Accepting one of his proposals, January 4th became International Day of Chess Composition (details are explained in the previous article). 

The chess enthusiast might be satisfied with the information provided here, but for one interested in curiosities a holiday is upcoming: the 50th anniversary of the Russian space mission “Soyuz 9”. What does this have to do with Rudenko? Well, the now deceased heroes of said mission had a strange artifact aboard. It was a piece of paper with some cyrillic letters, a strange square composed of mostly grey and white smaller squares, but with some symbols on some of the squares. Below that square were a few words, and above it was the cryptic code, also in cyrillic:

No. 3 V. Rudenko - “Suomen skakki”, 1957 - (the diagram) - 1 P r i z

A chess player immediately will have grasped the meaning of said artifact: it was the reprint of a chess problem by Valentin Rudenko, winning the first prize in the “Suomen Shakki” tourney 1957. The Russian space program achieved plenty of records, and they also had the first chess problem in space. Of course, that was less than a decade after Yuri Gagarin’s first spaceflight. But there is one question to which I can’t offer any answer: Was Rudenko’s problem taken aboard in the memory of another space hero? Or rather — a heroine?

As some will know, there was someone prior to Gagarin who entered space. A young woman was seen strolling on the streets of Moscow who was thought to be an excellent candidate for becoming a cosmonaut. Despite her young age, she passed the tests she was subjected to. So Zhuchka was trained until she was ready to enter space on 3 November 1957 — the year of Rudenko’s problem! Then, just a few hours later, a horrible accident occurred: the capsule overheated and, with no escape, she died. Nevertheless, it was her sacrifice that started a new era for humanity. So maybe the year was chosen deliberately in honor of the tragic hero of the Sputnik 2 flight: young dog Laika.

Laika

The Ukraine Chess Federation reported also that Rudenko was responsible for the construction of over 60 scientific satellites, and he was a member of the presidium of the USSR Cosmonautics Federation (as reported by Andrey Selivanov, in Russian).

Despite the problem being very well known, it is replayable below with a selection of studies by Rudenko. Most of his small output of endgame studies (ca. 30) was together with Tigran Gorgiev (see our February 2020 article for more information on Gorgiev). The “Soyuz 9” mission will have its 50th anniversary next month. So when you hear those news, it is likely many journalists won’t know about this chess problem. You will.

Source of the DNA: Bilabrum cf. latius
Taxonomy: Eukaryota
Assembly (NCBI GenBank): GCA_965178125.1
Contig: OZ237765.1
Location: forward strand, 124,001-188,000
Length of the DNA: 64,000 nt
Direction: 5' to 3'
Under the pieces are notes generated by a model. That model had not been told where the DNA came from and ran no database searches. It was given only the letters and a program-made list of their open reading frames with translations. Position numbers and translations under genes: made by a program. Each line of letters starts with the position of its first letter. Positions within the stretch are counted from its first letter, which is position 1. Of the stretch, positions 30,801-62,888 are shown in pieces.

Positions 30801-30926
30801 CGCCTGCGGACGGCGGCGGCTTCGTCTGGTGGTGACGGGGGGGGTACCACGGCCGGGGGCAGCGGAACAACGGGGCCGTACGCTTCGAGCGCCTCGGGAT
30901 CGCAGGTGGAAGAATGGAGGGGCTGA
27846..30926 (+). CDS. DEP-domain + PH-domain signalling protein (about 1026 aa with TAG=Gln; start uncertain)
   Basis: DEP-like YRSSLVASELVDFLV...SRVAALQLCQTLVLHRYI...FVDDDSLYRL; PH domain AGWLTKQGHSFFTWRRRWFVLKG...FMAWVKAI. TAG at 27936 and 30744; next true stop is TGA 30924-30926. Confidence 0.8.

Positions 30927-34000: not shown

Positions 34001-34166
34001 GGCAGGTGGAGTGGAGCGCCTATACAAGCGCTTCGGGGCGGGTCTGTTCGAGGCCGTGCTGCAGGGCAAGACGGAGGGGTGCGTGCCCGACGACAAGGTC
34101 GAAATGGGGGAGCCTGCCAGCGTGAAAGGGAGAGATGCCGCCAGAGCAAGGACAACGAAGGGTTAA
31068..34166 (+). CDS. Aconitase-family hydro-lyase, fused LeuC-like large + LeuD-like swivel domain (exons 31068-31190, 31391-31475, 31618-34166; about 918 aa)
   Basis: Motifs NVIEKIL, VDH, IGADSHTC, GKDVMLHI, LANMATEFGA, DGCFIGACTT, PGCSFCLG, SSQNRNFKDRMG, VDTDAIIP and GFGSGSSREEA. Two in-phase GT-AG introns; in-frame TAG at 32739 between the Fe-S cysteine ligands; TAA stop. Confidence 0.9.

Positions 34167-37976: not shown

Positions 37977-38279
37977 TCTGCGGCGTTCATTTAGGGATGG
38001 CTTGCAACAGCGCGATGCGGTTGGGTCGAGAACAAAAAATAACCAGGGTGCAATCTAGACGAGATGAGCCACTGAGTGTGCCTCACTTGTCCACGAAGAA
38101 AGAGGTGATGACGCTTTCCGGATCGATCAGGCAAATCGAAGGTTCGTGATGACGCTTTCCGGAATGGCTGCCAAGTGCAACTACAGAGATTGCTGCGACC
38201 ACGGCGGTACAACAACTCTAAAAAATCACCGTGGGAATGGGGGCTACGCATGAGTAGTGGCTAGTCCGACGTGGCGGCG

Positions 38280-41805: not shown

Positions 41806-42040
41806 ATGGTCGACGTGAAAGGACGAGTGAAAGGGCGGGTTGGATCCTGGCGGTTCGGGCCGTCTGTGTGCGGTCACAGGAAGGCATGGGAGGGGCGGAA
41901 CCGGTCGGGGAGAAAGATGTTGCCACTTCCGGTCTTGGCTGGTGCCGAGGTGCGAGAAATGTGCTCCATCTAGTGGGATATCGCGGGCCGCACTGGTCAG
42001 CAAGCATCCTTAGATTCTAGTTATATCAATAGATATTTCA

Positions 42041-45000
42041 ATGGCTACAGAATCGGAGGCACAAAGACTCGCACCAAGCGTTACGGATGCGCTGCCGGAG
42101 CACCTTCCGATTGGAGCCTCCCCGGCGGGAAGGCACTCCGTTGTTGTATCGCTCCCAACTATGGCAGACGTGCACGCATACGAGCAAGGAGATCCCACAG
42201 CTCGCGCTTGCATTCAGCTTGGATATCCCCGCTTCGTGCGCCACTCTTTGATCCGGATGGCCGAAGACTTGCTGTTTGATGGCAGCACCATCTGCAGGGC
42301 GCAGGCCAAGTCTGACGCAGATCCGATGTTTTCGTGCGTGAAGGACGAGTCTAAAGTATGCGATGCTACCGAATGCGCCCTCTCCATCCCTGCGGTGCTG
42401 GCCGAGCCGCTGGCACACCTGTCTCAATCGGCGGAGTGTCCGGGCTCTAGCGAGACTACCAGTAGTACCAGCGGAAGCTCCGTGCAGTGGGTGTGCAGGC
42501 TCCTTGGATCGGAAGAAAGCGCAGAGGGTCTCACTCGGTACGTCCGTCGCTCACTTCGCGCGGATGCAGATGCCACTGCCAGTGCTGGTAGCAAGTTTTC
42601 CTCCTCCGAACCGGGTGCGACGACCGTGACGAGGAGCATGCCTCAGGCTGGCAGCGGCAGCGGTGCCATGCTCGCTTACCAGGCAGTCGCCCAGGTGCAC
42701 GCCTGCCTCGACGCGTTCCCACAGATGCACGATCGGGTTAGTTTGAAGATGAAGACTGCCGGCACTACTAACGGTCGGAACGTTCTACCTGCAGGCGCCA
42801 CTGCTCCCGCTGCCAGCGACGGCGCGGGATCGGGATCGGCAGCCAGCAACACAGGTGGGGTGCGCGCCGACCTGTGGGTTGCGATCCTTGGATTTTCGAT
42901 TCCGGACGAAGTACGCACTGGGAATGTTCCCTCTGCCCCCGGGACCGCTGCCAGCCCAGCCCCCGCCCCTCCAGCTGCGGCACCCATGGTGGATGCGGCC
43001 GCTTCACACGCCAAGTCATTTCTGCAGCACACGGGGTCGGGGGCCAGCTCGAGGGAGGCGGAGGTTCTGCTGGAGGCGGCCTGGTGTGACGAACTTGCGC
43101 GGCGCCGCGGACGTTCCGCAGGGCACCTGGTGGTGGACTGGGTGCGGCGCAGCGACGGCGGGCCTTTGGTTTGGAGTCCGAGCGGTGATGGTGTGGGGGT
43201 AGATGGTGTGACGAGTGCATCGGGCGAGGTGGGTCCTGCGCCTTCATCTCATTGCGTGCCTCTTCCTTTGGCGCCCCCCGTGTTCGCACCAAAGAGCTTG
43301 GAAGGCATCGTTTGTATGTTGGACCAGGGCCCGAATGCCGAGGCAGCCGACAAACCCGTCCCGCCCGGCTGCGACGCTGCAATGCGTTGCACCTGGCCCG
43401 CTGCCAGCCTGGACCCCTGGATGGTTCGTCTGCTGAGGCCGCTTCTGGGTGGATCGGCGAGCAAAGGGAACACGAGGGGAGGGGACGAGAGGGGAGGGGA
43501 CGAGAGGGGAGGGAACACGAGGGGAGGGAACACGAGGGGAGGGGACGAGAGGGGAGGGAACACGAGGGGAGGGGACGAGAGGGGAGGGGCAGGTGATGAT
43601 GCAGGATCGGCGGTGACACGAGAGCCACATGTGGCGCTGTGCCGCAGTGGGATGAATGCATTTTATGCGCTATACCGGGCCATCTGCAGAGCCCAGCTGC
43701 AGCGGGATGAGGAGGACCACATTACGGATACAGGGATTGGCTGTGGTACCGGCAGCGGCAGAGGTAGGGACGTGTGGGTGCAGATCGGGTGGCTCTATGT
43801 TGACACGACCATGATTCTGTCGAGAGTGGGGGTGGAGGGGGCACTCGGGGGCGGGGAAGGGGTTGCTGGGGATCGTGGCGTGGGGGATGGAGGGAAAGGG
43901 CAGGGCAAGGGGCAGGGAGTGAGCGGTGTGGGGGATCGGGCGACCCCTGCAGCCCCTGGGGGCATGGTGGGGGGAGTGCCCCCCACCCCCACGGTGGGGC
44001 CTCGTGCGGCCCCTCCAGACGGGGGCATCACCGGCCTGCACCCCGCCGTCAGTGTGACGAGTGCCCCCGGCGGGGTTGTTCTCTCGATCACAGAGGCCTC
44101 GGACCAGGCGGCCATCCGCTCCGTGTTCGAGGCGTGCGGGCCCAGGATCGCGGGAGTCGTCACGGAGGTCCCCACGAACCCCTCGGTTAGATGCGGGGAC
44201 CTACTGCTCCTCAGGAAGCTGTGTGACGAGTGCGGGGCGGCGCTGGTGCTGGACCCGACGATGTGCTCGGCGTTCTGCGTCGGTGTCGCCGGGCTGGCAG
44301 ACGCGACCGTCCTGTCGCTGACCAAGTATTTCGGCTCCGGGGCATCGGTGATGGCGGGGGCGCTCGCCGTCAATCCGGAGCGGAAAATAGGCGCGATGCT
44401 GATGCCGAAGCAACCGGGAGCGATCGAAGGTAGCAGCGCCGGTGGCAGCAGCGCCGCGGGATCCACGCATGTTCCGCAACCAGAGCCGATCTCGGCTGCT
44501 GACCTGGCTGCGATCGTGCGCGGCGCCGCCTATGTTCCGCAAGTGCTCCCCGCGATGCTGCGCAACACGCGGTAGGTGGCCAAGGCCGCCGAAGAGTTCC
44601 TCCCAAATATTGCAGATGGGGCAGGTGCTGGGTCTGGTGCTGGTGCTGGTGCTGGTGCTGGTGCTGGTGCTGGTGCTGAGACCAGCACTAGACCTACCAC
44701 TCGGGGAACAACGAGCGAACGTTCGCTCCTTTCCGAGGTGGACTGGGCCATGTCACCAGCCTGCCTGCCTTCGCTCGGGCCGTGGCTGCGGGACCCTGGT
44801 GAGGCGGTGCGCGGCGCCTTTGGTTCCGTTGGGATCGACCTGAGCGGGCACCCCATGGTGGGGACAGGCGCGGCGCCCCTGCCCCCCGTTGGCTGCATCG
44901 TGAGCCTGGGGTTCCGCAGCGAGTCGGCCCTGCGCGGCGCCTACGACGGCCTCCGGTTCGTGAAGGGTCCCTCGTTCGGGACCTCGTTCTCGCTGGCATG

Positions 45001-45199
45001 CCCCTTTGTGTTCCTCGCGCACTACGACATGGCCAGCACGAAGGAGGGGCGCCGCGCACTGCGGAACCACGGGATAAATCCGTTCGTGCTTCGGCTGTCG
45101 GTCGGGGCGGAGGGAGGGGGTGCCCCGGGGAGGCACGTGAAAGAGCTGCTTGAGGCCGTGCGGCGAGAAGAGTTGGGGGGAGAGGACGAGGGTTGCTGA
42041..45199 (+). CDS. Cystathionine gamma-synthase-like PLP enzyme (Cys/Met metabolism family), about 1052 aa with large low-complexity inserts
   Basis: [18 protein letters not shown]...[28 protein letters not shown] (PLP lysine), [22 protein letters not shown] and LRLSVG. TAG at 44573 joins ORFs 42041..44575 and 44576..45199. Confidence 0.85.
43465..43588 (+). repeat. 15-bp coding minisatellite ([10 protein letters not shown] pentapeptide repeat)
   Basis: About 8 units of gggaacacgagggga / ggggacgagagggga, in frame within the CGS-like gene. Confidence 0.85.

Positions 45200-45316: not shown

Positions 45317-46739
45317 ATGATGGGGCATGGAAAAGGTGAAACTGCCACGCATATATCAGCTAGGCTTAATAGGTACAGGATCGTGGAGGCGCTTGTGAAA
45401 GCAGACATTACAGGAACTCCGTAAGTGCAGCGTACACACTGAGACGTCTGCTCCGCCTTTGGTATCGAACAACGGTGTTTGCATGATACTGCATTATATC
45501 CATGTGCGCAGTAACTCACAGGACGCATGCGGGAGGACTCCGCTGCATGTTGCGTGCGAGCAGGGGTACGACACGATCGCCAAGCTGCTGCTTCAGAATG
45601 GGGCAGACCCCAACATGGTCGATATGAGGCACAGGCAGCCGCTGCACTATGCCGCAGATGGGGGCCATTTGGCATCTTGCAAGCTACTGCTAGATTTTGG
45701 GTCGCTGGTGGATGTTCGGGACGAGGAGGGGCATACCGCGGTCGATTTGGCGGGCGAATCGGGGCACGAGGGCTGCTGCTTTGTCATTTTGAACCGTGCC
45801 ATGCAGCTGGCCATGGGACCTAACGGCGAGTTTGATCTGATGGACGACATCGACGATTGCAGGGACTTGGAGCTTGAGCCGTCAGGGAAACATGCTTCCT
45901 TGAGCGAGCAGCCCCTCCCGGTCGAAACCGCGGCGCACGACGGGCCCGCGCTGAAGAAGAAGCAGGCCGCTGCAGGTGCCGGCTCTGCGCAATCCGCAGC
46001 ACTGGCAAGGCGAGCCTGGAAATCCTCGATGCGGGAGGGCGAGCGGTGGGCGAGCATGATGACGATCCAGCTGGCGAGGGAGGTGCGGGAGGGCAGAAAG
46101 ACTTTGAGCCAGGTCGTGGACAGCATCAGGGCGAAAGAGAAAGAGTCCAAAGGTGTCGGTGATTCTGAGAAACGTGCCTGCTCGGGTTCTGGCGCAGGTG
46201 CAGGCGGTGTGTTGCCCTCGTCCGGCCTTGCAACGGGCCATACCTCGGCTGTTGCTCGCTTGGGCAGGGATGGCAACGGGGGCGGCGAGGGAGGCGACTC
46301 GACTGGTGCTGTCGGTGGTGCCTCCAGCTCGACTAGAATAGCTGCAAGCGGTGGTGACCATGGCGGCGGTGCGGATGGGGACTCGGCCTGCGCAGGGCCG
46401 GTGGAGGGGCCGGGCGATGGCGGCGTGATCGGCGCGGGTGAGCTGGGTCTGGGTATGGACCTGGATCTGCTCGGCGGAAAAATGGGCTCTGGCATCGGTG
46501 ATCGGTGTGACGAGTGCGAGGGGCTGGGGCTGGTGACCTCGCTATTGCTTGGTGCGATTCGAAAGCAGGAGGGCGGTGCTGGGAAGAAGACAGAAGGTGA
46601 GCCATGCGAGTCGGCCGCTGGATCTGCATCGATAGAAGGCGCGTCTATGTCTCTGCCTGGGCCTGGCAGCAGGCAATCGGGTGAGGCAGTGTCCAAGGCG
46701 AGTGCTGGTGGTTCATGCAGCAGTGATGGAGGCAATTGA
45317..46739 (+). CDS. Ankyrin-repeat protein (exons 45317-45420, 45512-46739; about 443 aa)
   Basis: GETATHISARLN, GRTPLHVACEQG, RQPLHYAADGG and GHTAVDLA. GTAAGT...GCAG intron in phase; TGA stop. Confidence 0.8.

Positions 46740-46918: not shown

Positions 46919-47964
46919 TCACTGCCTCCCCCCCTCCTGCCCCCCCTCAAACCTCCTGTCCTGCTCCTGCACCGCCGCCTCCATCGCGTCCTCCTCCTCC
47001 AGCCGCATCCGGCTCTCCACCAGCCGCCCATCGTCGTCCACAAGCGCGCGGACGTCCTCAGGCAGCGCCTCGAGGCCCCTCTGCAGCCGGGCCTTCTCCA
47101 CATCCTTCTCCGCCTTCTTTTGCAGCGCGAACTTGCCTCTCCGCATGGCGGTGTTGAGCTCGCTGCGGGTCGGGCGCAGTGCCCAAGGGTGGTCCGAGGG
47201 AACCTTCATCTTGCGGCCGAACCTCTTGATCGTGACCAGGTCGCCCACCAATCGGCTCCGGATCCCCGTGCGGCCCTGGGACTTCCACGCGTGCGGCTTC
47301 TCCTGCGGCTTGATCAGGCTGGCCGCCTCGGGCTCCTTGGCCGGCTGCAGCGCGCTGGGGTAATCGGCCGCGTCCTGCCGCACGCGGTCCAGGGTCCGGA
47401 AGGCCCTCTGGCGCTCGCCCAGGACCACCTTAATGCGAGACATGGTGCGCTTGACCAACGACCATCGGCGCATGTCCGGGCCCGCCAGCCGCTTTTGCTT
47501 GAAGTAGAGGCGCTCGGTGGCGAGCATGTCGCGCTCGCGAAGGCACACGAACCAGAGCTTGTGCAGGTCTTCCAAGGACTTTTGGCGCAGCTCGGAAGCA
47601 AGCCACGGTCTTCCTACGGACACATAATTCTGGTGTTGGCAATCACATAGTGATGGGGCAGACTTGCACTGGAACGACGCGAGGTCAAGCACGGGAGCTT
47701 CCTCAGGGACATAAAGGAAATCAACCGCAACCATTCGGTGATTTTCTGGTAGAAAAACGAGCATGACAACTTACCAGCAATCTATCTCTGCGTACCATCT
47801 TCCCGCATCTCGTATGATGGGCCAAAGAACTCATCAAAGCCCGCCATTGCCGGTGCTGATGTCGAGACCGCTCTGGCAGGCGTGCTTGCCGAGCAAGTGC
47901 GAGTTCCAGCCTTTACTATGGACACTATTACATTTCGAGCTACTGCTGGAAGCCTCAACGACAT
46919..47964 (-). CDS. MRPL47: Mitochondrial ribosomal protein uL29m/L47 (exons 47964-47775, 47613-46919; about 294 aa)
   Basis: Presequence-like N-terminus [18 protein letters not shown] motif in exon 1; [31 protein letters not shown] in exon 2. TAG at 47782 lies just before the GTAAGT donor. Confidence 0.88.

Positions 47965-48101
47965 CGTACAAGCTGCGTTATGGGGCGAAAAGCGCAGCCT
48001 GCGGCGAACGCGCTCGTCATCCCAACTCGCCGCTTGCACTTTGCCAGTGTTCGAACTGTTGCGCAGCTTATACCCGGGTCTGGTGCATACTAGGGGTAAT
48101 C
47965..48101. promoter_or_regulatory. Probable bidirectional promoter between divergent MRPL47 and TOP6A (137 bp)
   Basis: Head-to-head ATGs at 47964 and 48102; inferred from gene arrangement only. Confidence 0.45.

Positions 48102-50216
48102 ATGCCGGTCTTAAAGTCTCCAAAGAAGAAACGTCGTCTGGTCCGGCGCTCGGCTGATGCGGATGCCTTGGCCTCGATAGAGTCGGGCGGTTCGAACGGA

The recovery of the “Soyuz 9” mission

As a personal note, I was always fascinated by the possibilities of spaceflight. While for some time I believed it all to be useless (after all, even the next solar system is so far away that it takes a lifetime to reach it), new developments fuelled the idea of pioneers settling on Mars, the idea that — as a famous video game once described it — we would no longer be earthlings or planetlings but children of the stars. The logistics of such an endeavour, already of such basic things as enabling someone to grow their own food or produce electricity, or just having a safe shelter from the Marsian weather, are frightening.

Space is a harsh mistress, and it will be very difficult to settle on other planets or even in other solar systems — and while I am still sceptical, maybe in a few decades, maybe in a hundred years, our descendants will travel from Earth to Mars and back as normally as we use our cars. But while we don’t know whose chess problem was the first to be transported in a car, in the annals of history there will be a small trivia fact passed along between chess historians on Mars and Earth alike:

Valentin Rudenko (1938-2016), Russian space satellite engineer. First chess problem in space.

But let me close not with my own words, let me close with those of Andrey Selivanov, who, for Rudenko’s 70th birthday in 2008, had prepared the photo of his problem in the Space Museum of Andrian Nikolayev in Shorshely as a special gift:

Как говорится - Ваше творчество достигло Космических высот!
(As they say - your creative work has reached cosmic heights!)

 

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World Federation for Chess Composition

World Federation for Chess Composition (www.wfcc.ch)

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Siegfried (*1986) is a German chess composer and member of the World Federation for Chess Composition, subcommitee for endgame studies. His autobiographical book "Weltenfern" (in English only) can be found on the ARVES website. He presents an interesting endgame study with detailed explanation each month.